Home > Uncategorized > Reading CSV files in C++ (updated)

Reading CSV files in C++ (updated)

Reading and parsing CSV files in C++ is not as straight forward as one might think. Many different solutions exist such as this one and this one. I collect a few here for easy accessibility.

This version only depends on the standard library:

#include <iostream>

#include <vector>

#include <string>

#include <sstream>

 

template<class T>

std::istream& ReadCsv(std::istream& myfile, std::vector<std::vector<T>>& data)

{

    using namespace std;

    string row;

    while(getline(myfile, row))

    {

        data.push_back(vector<T>());

        istringstream tokenS(row);

        string token;

        while(getline(tokenS, token, ‘,’))

        {

            istringstream valueS(token);

            valueS.imbue(myfile.getloc());

            T value;

            if (valueS >> value)

                data.back().push_back(value);

        }

    }

 

    return myfile;

}

 

This one also uses only standard library components but is using stream operator style instead:

 

#include <fstream>

#include <iostream>

#include <sstream>

#include <string>

#include <vector>

 

template<class T>

std::istream& operator >> (std::istream& ins, std::vector<T>& record)

{

    using namespace std;

 

    string field;

    while (getline(ins, field, ‘,’))

    {

        T v;

        istringstream fieldS(field);

        fieldS >> v;

        if (fieldS && fieldS.eof())

            record.push_back(v);

        else

            ins.setstate(ios::failbit);

    }

 

    return ins;

}

 

template<class T>

std::istream& operator >> (std::istream& ins, std::vector<std::vector<T>>& data )

{

    using namespace std;

 

    string row;

    while(getline(ins, row))

    {

        data.push_back(vector<T>());

        istringstream rowS(row);       

        rowS >> data.back();

        if (!rowS.eof())

            ins.setstate(ios::failbit);

    }

 

    return ins; 

}

void sampleusage()

{

    using namespace std;

    vector<vector<int>> data;

    ifstream infile("matrix.txt");

    infile >> data;

}

 

Stream iterators does not help much:

 

#include <iterator>

#include <vector>

#include <sstream>

 

template<class T>

std::istream& ReadCsv(std::istream& is, std::vector<std::vector<T>>& data)

{

    using namespace std;

 

    is.unsetf(ios_base::skipws);

    istream_iterator<char> it(is), eof;

    bool newline = true;

    while(it != eof)

    {

        istream_iterator<char> it2 = it;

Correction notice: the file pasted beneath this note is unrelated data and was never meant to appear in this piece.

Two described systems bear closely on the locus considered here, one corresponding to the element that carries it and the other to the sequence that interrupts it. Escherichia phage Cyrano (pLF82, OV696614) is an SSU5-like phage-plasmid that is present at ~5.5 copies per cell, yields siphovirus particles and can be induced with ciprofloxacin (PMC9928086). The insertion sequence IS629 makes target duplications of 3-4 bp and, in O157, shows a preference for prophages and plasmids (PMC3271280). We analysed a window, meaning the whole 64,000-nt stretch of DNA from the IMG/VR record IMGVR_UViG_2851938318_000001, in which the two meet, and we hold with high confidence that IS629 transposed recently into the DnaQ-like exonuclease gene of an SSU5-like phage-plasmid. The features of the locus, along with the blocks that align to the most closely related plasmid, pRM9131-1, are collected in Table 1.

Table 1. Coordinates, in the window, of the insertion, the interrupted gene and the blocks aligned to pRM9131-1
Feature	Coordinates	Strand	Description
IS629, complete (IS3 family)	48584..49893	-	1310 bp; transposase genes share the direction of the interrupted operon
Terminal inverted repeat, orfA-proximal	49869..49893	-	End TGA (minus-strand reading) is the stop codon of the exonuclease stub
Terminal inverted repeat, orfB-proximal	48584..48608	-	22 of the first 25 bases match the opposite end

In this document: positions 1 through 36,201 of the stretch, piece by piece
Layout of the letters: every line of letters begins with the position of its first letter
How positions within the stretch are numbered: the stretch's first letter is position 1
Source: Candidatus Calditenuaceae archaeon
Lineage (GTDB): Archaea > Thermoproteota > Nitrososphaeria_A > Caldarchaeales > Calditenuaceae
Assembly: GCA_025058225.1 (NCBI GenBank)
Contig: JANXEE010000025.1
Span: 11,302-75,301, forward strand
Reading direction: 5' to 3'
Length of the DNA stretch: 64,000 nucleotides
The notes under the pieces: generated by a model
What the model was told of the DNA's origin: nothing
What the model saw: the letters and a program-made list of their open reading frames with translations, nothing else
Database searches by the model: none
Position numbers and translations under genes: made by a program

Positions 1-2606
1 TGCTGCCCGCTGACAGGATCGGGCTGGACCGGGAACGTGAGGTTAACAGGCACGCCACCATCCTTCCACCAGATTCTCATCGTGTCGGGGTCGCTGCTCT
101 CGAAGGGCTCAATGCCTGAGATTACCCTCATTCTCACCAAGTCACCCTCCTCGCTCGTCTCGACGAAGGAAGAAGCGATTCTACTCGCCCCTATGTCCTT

stringstream temp;

 

        // seek next delimiter

        while(it2 != eof && *it2 != ‘,’ && *it2 != ‘\n’)

            temp << *it2++;

 

        // parse and store value

        if (newline)

            data.push_back(vector<int>());

        T value;

        if (temp >> value)

            data.back().push_back(value);

 

        // prepare for next iteration

        newline = *it2 == ‘\n’;

        it = ++it2;

    }

 

    return is;

}

 

If boost is available this one adds a bit of robustness:

 

#include <vector>

#include <iostream>

#include <string>

#include <sstream>

#include <boost/tokenizer.hpp>

 

template<class T>

std::istream& ReadCsv(std::istream& myfile, std::vector<std::vector<T> >& data)

{

    using namespace std;

    using namespace boost;   

    typedef tokenizer<escaped_list_separator<char> > Tokenizer;

 

    string row;

    while(getline(myfile, row))

    {

        Tokenizer tokens(row);

        data.push_back(vector<T>());

        transform(

            tokens.begin(), tokens.end(), back_inserter(data.back()),

            [&myfile](const string& t) -> T {

                istringstream valueS(t);

                valueS.imbue(myfile.getloc());

                T value;

                valueS >> value;

                return value;

            });

    }

 

    return myfile;

}

 

Just for comparsion, here is a snippet in F#:

[|

    use sr = new StreamReader("matrix.txt")

    while sr.EndOfStream |> not do

        yield sr.ReadLine().Split(‘,’) |> Array.map float

|]

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Categories: Uncategorized
  1. Mat Hunt
    April 13, 2016 at 2:48 pm

    There are no comments in the code to explain what is going on so they are all unusable

    • April 13, 2016 at 3:02 pm

      Sorry you feel that way. I am sure you can find some other csv parsers that meets your expectations.

  2. Luke
    January 4, 2017 at 12:31 am

    I’m having trouble modifying the code so that a blank section of the csv is still stored as an empty string. For example I had a line “data0,data1,,,data5,,data7” I’d like to have the third string in the vector to be an empty string.

    • Luke
      January 4, 2017 at 12:58 am

      ok I think I got it figured out. The condition: if (valueS >> value) was failing, so I just added a else if (value == “”). Its not elegant, but it fixes my issue. Apparently I just needed to ask to figure it out.

      • January 4, 2017 at 6:53 am

        Thanks for your improvement Luke. Just expressing the problem for someone else is a magical thing, isn’t it. šŸ˜€

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